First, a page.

University of Massachusetts Amherst

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Shivangi Bajpai


School or College: 

School of Public Health and Health Sciences


Amanda Paluch


Shivangi is a second-year doctoral student in the Department of Kinesiology in the School of Public Health and Health Sciences. Under the mentorship of Dr. Amanda Paluch, her current research work includes advancing measurement of physical activity and studying the association of physical activity with various health outcomes. Shivangi is passionate about improving health outcomes among informal family caregivers of Alzheimer’s and related dementia (ADRD). Her dissertation work will focus on exploring the utility of wearable device metrics in monitoring cardiovascular health of ADRD caregivers.


Caregiving for AD is associated with increased cardiovascular risk factors of hypertension, diabetes, obesity, and high cholesterol. Yet, caregivers are less likely to see a doctor for their own health condition. Caregiver-centric health monitoring that is accessible and low burden via wearable technology can support the health among ADRD caregivers.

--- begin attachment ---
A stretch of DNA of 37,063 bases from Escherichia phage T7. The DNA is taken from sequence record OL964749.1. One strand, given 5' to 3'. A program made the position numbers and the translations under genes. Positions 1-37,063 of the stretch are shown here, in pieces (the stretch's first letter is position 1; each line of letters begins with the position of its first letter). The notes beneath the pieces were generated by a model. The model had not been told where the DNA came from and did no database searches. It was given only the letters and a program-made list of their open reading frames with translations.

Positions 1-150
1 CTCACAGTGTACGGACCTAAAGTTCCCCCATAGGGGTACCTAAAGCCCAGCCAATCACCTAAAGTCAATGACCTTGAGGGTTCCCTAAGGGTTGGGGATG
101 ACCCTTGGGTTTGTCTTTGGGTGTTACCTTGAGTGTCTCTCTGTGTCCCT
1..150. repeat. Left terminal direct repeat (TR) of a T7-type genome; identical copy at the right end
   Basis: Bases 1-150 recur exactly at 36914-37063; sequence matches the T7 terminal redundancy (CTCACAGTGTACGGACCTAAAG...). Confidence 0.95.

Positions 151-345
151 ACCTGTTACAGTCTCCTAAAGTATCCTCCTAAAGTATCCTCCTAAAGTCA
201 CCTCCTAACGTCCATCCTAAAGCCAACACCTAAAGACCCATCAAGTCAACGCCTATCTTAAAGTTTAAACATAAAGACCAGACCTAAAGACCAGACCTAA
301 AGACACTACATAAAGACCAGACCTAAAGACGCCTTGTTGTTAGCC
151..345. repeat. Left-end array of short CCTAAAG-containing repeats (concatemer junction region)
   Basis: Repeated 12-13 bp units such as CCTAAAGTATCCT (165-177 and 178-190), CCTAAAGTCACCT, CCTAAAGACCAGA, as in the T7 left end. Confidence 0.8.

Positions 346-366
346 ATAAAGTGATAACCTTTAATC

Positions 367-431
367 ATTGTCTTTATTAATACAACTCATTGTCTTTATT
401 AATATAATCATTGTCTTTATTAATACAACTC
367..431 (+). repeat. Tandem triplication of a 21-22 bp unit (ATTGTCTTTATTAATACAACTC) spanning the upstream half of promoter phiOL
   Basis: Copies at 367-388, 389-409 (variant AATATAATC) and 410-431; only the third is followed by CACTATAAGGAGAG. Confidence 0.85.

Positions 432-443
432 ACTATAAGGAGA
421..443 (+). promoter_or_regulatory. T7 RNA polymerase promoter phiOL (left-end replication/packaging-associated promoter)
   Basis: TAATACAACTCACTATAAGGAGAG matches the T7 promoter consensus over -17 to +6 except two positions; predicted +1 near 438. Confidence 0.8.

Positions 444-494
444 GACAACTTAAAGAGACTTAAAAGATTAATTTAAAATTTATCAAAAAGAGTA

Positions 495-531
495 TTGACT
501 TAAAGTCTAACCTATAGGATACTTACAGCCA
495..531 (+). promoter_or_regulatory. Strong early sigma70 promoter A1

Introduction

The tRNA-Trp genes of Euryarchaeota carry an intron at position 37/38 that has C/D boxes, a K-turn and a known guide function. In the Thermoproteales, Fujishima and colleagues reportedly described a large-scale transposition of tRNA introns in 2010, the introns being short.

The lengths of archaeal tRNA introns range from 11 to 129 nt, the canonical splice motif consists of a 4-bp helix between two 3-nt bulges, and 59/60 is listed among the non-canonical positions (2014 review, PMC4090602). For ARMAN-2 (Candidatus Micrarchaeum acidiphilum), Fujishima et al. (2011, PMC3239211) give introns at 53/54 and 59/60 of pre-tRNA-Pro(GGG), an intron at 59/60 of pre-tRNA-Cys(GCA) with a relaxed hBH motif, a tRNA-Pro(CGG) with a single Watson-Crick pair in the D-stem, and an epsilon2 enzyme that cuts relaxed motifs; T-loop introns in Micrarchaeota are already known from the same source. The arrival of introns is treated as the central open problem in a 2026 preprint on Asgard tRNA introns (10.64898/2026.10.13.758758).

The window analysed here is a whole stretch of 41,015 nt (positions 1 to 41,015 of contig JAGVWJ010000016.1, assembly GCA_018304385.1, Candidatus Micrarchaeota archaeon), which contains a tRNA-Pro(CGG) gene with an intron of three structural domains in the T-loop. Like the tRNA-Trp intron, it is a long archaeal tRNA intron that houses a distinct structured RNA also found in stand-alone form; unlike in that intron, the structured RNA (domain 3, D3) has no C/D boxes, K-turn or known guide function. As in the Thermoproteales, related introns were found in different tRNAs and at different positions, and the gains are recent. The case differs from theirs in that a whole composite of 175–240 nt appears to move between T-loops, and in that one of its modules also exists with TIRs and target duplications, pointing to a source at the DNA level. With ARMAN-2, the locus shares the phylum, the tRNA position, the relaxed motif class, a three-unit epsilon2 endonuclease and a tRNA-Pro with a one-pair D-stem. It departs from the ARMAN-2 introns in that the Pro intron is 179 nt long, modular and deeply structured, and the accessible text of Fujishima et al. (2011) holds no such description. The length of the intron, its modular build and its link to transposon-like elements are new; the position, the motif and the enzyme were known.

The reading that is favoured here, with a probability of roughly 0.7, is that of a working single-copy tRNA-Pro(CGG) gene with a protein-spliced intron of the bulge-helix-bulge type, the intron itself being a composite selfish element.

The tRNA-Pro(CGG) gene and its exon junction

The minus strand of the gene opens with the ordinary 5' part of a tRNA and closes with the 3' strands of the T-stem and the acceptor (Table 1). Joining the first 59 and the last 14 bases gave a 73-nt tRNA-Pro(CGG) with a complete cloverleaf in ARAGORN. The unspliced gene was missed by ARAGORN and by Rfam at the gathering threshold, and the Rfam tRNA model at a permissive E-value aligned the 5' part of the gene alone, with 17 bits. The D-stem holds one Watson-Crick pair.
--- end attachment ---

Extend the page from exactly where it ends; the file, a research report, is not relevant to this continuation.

Family caregivers of ADRD are more likely to have fewer desirable health behaviors and greater chronic psychological stress. Physical activity and sedentary behavior are known modifiable factors of cardiovascular health. Similarly, chronic stress leads to disturbances in autonomic nervous system and cardiovascular system, these disturbances can be measured indirectly using heart rate variability. Both physical activity and heart rate variability can easily be monitored using wearable technology, and maybe useful in personalized health monitoring among ADRD caregivers. Shivangi’s research aims to identify the associations of wearable device measured physical activity, sedentary behavior, and heart rate variability with clinically meaningful risk factors (blood pressure, fasting glucose, lipids, and BMI) among ADRD caregivers. Her research will inform future interventions and researchers on designing tailored PA interventions in this population. The long-term implication would be the development of wearables for regular remote monitoring of ADRD caregiver’s health by clinicians and personalized health self-monitoring and promotion. 


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